Piltdown Man… not!
I enjoy plugging prehistoric animals–mammals more than dinosaurs–into my Bell Mountain books. It’s just plain fun.
However, I’ve avoided the slight temptation to ring in prehistoric critters that have turned out to be deliberately faked fossils (https://www.popularmechanics.com/science/archaeology/g3051/fake-fossils/).
The most famous fossil fraud is, of course, Piltdown Man. Discovered in Britain in 1912 and ballyhooed as the Missing Link between apes and man, Piltdown Man took England’s scientific establishment by storm–although scientists elsewhere had their doubts. The fraud was not exposed until 1953… after appearing in textbooks all over the world.
More recently, China produced “Archaeoraptor,” supposedly a flying dinosaur. That one turned out to have been manufactured by Chinese peasants using parts from other fossils.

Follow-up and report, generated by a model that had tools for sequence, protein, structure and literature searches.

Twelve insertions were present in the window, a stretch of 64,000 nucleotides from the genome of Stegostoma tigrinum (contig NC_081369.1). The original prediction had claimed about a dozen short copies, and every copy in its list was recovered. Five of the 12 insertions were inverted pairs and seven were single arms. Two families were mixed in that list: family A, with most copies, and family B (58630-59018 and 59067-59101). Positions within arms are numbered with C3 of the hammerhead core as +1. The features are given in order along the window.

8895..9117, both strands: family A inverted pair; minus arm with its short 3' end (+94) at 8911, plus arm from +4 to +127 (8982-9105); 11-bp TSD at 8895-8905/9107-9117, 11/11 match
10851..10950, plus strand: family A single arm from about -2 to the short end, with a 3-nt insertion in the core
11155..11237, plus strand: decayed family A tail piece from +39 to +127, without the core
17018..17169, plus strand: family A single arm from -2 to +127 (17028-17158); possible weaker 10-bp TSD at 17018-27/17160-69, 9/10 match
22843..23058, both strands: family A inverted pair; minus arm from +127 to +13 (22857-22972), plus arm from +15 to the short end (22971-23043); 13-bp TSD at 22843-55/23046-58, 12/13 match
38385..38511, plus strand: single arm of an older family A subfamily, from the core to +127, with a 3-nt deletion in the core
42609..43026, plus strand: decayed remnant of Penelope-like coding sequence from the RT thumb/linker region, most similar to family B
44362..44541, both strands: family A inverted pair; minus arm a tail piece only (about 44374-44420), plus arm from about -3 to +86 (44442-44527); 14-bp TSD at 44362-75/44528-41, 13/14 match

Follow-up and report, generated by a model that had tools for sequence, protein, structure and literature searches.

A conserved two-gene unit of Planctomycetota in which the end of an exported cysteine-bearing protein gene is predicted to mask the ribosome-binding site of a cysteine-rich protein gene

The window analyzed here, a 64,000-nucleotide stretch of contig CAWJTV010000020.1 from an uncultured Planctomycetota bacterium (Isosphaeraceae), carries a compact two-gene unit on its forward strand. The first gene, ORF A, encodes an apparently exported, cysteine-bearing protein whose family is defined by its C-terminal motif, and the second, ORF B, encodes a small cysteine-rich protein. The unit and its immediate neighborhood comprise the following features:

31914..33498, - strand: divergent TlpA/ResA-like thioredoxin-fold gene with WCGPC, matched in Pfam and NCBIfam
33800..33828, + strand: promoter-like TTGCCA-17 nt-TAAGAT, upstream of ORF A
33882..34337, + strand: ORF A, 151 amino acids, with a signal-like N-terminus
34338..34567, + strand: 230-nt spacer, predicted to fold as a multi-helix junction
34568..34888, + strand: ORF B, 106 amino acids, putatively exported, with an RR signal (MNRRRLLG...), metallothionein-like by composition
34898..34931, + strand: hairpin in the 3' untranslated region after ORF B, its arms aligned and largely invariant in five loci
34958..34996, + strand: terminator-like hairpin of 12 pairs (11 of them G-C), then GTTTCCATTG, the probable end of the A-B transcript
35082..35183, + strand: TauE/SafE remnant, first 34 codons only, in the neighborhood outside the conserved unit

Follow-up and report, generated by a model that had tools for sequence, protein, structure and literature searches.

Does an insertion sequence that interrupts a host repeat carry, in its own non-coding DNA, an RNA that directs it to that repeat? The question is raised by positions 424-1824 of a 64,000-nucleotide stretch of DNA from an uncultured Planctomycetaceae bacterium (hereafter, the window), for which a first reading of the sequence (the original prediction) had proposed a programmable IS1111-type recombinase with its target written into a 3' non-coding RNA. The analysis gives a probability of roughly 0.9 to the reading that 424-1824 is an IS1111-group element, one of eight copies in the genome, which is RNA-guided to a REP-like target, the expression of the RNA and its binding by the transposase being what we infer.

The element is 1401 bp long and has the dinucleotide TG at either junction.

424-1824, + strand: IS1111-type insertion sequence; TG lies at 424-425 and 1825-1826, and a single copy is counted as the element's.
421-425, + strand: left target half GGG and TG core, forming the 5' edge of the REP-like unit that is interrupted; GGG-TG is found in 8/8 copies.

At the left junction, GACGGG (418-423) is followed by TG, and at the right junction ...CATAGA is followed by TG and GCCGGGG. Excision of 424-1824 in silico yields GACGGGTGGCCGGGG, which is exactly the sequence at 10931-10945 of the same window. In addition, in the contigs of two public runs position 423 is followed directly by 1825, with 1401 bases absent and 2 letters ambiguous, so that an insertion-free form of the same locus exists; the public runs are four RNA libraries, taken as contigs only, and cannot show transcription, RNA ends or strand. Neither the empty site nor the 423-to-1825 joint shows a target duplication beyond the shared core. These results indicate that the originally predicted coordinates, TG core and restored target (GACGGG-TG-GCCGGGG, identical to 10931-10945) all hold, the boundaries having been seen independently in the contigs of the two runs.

And from Russia we got “Alyoshenka,” supposedly the fossil remains of an extraterrestrial UFO voyager stranded on the earth. It’s hard to see how this could have fooled anyone.
I’m not counting honest scientific mistakes, like “Nebraska Man,” based on the tooth of a prehistoric pig, or confusing, possibly fake, but just possibly real, examples like the super-dinosaur “Amphicoelias,” whose briefly famous nine-foot leg bone somehow got lost and can’t be studied anymore.
We shouldn’t be surprised that fraud exists within the sciences: people are people, and people are sinners.
So don’t hold your breath waiting for Piltdown Man or the Cardiff Giant to be guest starring in any of my stories.